[Podcast] 'Inbound & Down' S05 E09: How to Ensure Your Content Is Complete

Sage Levene

Sage Levene
Published November 06, 2019

How to Ensure Your Content Is Complete

On this episode of 'Inbound & Down,' co-hosts Jon Sasala and Danielle Esposito discuss methods of creating complete and comprehensive content with strategist Joe Whearty.

Complete content.

We're referring to whether all proper strategies have been employed and if this content answers searchers' questions.

When building a piece of content—be it a blog or pillar—there are central keywords you plan to target and address. When search engines crawl the content, they're not looking specifically for just that keyword, but also others within the article supporting it. This ensures the content is helpful and the best result to be delivered. For example, if a piece written on restaurant glassware doesn't mention the words "beverage," "glass" or "plastic," it's probably not the most comprehensive, and unlikely to rank.

Here are a few tools to add to your content routine that assist in your goal of creating complete content:


The term frequency-inverse document frequency or TF-IDF tool from Seobility helps, "identify important terms and keywords that are of high relevance to search engine ranking for specific search terms and compare your own content with your competitors."

With this free tool you can input your keyword and it will scan pages that are currently ranking for the given term. It then provides other terms that appear frequently in those results. See it in action below.

GIF of TF-IDF Tool Search for Restaurant Glassware

Google Image Search

This is an unorthodox but very creative method. When you search in Google images for a term, it will provide you with related terms or filters to narrow your search down further. For example, searching for restaurant glassware returns filters of bar, acrylic, glasses, style, and more. This can serve as a good indicator of what answers searchers are looking for when they use a specific keyword.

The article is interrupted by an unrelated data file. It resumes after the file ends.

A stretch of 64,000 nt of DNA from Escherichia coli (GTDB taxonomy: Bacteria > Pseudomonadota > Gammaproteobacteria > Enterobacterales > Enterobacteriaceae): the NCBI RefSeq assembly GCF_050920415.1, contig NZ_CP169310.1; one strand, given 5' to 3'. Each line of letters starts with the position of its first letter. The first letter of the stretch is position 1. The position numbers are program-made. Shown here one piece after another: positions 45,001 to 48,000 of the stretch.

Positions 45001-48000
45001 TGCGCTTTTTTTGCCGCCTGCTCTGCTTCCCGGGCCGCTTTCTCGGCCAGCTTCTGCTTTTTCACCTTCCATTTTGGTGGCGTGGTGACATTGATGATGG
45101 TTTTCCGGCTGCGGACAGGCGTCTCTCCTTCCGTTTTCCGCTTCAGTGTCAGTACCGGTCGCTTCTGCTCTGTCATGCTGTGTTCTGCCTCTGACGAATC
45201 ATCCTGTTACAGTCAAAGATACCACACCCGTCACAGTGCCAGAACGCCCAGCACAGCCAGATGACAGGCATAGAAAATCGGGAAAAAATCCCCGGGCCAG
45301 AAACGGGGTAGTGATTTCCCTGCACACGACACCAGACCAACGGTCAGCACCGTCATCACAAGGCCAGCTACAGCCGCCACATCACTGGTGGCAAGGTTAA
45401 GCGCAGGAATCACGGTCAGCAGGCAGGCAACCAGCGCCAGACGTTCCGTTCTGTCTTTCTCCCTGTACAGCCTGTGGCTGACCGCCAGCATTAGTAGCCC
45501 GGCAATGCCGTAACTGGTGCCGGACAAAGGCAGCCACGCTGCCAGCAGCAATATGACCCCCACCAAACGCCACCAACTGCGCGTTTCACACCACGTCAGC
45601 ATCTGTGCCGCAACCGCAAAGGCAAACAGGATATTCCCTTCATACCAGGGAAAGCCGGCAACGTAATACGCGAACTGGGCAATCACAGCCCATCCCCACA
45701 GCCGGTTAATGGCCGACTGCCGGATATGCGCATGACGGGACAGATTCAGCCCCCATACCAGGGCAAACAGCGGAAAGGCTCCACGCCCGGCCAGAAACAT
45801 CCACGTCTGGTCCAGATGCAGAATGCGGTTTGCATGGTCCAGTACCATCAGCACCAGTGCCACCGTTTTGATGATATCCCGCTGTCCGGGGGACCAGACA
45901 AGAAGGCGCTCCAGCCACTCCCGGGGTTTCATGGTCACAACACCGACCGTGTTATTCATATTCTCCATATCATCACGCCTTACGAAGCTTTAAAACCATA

Moz Keyword Explorer

The Moz Keyword Explorer is another great free tool that helps you identify keyword volume, difficulty, related suggestions, and much more. See it in action below.

GIF of the Moz Keyword Explorer Tool Searching for Restaurant Glassware

SEMrush Gap Analysis

The keyword gap tool is a more top-level, site-wide look at what keywords you may be may be missing. If a competitor is ranking for a term appropriate to you that you should be ranking for, it shows the spots where a content push is needed.

Screenshot of SEMrush Keyword Gap Tool

So will using these tools make your content complete?

We can't give a definitive yes. We can say, though, that using these tools and putting thought into optimizing your content will make it the most complete it's capable of being. Remember, the goal is to be helpful to searchers and answer their questions. The benefit is twofold: When searchers are happy, search engines are happy.


This Week's One Thing
  • Danielle's one thing is her homeland: Queens.
  • Mike's one thing is his remaining kidney. His other was happily donated to his daughter, and both of them are recovered and healthy.
  • Sage's one thing is Joe, but...
  • Joe's one thing is the Fall and pumpkin picking.
  • Jon's one thing is the Question of the Day, and all the fun programs and lead generating ideas we get to work on at Morey.

 Show Notes:

Do you have your own complete content tips? Send them in to inbound@moreycreative.com.

Don't forget to subscribe to the 'Inbound & Down' Question of the Day for a daily email containing a multiple-choice question on topics such as Inbound, SEO, design, agency life, and more!

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